Ich bin der Welt abhanden gekommen
Chorale’s major new project this fall has been learning the Clytus Gottwald a cappella choral arrangement of Gustav Mahler’s famous song, Ich bin der Welt abhanden gekommen. Number three in Mahler’s Rückert –Lieder cycle, completed in 1901, the song is often heard with piano accompaniment, but was originally was intended for orchestra, and has a dense, almost symphonic texture. Gottwald (b. 1925) a German choral conductor, composer and musicologist, is noted for his rich, creative choral arrangements of symphonic repertoire, often for a cappella choral groups with up to sixteen different voices. Ich bin der Welt abhanden gekommen (1985), his most famous work in this genre, first came to the attention of the choral world through performances by the Swedish Radio Choir, conducted by Eric Ericson. It has since been performed and recorded by many of the world’s leading choral ensembles. The poet, Friedrich Rückert (1788-1866), was a favorite of German Romantic composers from Schubert forward. He wrote in a wide variety of genres, but is best known today for his mystical, shrouded, Asian-influenced poems, which inspired many of the best songs of such composers as Robert Schumann, Josef Rheinberger, Gustav Mahler, Richard Strauss, Hugo Wolf, and Alban Berg. The poem in question is typical of his output and subject matter:
Ich bin der Welt abhanden gekommen I have become lost to the world, where I used to waste so much time; It has been so long since it heard from me, that it may well think that I have died! I don't care if it thinks me dead, for I really have died to the world. I have died to all the world's turmoil, and I rest in a silent realm. I live in solitude in my heaven, In my love, in my song.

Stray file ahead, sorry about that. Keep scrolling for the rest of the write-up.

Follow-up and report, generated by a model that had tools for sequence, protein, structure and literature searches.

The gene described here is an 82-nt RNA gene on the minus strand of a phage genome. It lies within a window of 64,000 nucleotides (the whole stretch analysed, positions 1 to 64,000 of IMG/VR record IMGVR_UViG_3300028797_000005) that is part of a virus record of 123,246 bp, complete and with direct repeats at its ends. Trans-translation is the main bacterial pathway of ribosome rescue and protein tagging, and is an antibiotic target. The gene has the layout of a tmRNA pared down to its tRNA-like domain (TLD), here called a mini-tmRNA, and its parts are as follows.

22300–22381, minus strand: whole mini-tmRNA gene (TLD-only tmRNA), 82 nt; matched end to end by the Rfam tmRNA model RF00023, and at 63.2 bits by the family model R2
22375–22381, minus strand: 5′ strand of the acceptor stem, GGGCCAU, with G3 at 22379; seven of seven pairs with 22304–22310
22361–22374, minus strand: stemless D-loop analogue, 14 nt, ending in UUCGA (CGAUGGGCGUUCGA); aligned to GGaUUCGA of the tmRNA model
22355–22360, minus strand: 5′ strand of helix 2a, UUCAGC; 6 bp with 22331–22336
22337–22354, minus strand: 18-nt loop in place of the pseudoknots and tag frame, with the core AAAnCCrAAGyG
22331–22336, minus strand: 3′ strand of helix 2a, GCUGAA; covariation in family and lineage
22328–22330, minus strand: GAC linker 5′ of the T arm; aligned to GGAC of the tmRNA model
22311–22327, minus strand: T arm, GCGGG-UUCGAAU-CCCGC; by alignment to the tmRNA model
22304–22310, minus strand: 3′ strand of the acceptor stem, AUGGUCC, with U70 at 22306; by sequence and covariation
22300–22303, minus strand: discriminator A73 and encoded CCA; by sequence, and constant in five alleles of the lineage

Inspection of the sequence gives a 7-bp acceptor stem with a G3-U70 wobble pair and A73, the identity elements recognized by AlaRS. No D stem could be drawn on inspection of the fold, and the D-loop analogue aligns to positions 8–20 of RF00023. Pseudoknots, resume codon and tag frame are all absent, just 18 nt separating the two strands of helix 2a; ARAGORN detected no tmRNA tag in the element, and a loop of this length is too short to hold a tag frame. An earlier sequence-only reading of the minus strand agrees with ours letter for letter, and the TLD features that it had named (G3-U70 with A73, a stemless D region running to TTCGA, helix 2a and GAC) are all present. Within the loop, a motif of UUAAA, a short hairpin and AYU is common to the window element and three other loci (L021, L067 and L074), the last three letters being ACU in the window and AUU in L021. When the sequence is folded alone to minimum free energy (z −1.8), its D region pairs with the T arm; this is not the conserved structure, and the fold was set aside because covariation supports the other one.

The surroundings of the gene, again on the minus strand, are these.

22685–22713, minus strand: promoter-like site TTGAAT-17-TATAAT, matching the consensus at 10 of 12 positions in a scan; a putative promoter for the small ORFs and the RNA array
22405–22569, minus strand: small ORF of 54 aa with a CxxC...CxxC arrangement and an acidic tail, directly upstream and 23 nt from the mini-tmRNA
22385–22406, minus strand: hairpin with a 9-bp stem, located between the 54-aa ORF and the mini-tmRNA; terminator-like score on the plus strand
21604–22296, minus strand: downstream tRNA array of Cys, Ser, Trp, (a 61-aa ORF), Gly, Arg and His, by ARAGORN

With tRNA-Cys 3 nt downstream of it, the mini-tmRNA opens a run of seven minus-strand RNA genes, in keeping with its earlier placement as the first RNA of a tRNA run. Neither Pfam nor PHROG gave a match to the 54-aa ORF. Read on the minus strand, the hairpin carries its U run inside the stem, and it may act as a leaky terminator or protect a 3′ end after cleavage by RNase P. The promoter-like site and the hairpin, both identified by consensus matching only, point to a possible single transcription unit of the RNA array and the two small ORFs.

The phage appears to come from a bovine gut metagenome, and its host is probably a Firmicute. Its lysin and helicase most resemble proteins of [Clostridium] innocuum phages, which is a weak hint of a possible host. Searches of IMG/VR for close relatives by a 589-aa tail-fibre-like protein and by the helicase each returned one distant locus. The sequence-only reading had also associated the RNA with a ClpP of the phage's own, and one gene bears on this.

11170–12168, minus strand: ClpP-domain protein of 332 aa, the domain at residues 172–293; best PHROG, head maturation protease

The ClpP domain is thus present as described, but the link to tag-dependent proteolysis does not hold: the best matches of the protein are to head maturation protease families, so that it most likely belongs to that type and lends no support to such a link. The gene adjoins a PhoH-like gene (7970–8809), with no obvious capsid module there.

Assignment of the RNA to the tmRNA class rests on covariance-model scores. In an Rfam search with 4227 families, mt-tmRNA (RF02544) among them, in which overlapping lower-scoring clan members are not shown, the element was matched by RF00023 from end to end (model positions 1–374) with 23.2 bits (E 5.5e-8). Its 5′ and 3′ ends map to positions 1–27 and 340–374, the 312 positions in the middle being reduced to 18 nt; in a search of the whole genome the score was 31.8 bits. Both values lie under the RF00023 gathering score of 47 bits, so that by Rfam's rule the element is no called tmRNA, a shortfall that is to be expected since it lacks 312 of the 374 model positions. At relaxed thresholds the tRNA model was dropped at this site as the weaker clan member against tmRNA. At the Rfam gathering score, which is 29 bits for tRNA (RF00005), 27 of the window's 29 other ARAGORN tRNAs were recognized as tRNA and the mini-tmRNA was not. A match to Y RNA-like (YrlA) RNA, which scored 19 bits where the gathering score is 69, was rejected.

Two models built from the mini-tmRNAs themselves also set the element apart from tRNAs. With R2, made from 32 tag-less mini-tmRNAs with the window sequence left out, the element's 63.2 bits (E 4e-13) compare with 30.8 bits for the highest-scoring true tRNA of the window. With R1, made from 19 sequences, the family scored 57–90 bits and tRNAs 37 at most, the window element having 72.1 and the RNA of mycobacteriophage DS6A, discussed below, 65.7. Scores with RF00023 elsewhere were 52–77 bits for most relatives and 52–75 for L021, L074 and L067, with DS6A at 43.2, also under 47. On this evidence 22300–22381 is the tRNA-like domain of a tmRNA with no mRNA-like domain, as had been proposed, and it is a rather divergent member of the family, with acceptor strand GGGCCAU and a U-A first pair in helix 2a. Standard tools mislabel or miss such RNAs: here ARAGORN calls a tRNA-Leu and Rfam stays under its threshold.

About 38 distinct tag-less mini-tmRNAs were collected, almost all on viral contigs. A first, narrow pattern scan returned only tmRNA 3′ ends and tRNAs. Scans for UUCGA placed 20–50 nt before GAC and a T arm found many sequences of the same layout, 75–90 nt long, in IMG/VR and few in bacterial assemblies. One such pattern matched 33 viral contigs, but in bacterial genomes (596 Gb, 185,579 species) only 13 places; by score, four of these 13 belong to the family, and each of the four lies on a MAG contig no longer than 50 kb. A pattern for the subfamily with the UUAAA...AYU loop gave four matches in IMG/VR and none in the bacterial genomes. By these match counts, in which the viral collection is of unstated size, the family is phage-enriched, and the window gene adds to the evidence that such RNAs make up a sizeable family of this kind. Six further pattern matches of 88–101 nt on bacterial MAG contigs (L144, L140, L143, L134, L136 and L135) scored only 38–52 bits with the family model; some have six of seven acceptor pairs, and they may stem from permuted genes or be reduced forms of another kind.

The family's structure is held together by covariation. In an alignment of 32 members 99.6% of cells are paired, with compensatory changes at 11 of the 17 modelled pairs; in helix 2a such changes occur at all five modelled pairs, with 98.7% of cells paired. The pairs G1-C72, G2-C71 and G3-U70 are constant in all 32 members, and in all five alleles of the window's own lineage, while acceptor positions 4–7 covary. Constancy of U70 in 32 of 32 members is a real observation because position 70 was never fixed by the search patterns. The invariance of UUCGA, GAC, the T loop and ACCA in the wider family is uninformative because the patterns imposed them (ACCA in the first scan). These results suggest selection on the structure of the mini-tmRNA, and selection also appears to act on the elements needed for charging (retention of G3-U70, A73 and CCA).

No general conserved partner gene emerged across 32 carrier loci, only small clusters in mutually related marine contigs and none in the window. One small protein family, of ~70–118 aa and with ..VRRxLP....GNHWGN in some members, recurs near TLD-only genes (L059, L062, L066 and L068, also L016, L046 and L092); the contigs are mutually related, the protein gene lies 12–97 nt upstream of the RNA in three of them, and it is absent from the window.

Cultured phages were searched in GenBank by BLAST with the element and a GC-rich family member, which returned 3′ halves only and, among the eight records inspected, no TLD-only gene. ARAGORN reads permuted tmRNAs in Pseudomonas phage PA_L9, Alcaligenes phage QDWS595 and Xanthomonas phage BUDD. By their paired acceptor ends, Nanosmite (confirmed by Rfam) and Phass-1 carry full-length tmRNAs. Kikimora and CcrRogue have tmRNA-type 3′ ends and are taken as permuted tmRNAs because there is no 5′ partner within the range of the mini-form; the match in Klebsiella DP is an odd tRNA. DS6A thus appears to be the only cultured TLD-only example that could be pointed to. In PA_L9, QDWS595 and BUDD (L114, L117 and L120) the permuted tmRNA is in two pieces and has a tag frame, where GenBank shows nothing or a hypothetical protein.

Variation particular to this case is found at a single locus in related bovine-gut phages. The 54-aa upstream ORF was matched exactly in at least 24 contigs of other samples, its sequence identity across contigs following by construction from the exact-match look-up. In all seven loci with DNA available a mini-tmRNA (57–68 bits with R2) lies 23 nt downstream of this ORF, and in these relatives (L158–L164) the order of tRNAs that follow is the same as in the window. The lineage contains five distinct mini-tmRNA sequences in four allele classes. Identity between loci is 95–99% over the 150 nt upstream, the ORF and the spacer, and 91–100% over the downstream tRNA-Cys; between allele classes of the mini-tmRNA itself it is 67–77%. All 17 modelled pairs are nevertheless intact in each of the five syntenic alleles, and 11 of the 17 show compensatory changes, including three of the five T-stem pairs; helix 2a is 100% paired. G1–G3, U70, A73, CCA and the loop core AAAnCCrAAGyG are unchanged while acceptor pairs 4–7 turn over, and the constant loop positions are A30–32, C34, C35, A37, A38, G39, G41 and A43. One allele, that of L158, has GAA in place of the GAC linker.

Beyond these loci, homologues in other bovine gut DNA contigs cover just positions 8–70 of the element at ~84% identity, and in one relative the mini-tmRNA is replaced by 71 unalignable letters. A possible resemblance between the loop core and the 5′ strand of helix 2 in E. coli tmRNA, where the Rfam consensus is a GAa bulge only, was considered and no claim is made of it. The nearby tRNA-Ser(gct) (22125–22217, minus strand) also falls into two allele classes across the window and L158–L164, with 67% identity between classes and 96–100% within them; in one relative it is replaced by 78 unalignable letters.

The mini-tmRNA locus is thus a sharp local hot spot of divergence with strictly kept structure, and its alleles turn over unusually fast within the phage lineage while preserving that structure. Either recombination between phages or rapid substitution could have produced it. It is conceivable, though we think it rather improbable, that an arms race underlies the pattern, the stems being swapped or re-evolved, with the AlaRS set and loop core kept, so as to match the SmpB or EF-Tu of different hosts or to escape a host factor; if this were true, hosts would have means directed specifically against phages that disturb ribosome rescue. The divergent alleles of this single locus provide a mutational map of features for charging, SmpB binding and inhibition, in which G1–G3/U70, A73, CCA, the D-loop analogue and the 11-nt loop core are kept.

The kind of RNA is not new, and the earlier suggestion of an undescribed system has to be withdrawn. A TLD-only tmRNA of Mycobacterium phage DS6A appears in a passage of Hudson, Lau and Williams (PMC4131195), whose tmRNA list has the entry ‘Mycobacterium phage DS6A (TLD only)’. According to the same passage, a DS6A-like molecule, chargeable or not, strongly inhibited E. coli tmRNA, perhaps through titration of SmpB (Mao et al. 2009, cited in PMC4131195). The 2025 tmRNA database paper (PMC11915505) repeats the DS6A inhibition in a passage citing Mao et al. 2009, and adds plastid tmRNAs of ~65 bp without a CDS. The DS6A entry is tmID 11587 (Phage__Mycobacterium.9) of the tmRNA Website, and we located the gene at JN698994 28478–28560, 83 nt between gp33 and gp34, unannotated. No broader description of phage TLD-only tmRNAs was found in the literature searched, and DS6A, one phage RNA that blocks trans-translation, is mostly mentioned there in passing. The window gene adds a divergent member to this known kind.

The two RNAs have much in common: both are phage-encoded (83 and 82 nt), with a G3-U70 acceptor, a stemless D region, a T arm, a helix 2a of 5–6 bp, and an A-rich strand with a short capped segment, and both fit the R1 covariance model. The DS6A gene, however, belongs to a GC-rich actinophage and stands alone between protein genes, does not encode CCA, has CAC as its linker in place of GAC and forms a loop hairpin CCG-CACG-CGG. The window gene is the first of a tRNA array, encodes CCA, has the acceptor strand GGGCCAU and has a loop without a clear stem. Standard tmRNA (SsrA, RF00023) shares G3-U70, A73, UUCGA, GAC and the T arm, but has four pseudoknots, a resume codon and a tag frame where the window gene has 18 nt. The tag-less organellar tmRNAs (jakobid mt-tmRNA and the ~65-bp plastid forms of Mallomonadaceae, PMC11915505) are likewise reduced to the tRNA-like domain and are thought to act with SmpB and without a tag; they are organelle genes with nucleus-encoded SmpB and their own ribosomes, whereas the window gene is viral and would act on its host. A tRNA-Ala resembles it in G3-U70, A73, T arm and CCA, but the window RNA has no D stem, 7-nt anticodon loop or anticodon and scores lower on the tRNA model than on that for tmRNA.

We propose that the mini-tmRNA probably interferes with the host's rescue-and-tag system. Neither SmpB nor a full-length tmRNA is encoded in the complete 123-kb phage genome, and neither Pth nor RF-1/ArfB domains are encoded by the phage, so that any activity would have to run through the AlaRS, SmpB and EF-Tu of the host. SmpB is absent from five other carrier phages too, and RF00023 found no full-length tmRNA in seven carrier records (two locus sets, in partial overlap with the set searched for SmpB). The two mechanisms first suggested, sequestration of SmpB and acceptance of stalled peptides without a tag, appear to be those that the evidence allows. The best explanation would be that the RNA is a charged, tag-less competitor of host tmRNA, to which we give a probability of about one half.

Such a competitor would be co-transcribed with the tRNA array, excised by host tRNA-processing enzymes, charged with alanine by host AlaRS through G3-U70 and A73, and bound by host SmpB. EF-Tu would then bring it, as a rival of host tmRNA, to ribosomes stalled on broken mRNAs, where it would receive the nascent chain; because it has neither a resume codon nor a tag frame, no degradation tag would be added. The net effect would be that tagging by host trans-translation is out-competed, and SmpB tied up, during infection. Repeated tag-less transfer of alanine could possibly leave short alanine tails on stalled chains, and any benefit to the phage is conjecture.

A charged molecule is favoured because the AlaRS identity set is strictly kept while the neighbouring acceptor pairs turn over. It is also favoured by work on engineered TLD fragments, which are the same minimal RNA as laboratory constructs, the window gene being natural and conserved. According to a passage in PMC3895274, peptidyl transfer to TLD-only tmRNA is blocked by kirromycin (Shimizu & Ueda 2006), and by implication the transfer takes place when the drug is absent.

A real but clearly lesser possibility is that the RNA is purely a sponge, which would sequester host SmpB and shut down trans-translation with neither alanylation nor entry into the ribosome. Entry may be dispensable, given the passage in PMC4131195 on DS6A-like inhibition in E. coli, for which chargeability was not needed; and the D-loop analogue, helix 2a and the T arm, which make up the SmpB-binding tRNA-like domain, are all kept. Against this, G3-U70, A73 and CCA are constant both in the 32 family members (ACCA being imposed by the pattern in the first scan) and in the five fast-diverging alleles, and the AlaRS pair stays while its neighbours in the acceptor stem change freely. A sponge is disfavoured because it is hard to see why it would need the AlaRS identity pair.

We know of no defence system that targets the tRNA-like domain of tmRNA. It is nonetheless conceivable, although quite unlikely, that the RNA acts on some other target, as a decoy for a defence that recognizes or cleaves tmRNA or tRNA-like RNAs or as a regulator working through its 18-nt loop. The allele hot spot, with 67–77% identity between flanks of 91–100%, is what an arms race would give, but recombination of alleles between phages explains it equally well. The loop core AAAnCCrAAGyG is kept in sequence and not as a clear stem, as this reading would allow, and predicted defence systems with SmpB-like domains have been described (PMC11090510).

Mahler’s song setting is one of his very best—long, unhurried melodic lines, slow-moving harmonies, and sustained petal tones, reinforce the restful, exalted theme of the poem, but never become static; melodic fragments escape the body of the accompaniment ecstatically at times, enlivening the forward movement of the solo vocal line but never interfering with it. Gottwald’s arrangement passes the solo melodic material from voice to voice, emphasizing particular phrases by adding two or three voices to the principle material and using fragments of this principle material as accompaniment. The resulting work is difficult to sing, but rewarding both because of the beauty of Mahler’s music, and because of Gottwald’s admirable craft in putting it all together.
The song become a popular favorite when it was used as the underlying theme in the 1989 film, le Maître de Musique, starring Belgian opera singer José Van Dam. We hear Van Dam's heart-stoppingly beautiful rendition of the song during the course of the film, and Rückert's poetry comments on the theme and mood of the story, and of the maître's retirement from his career and former active life.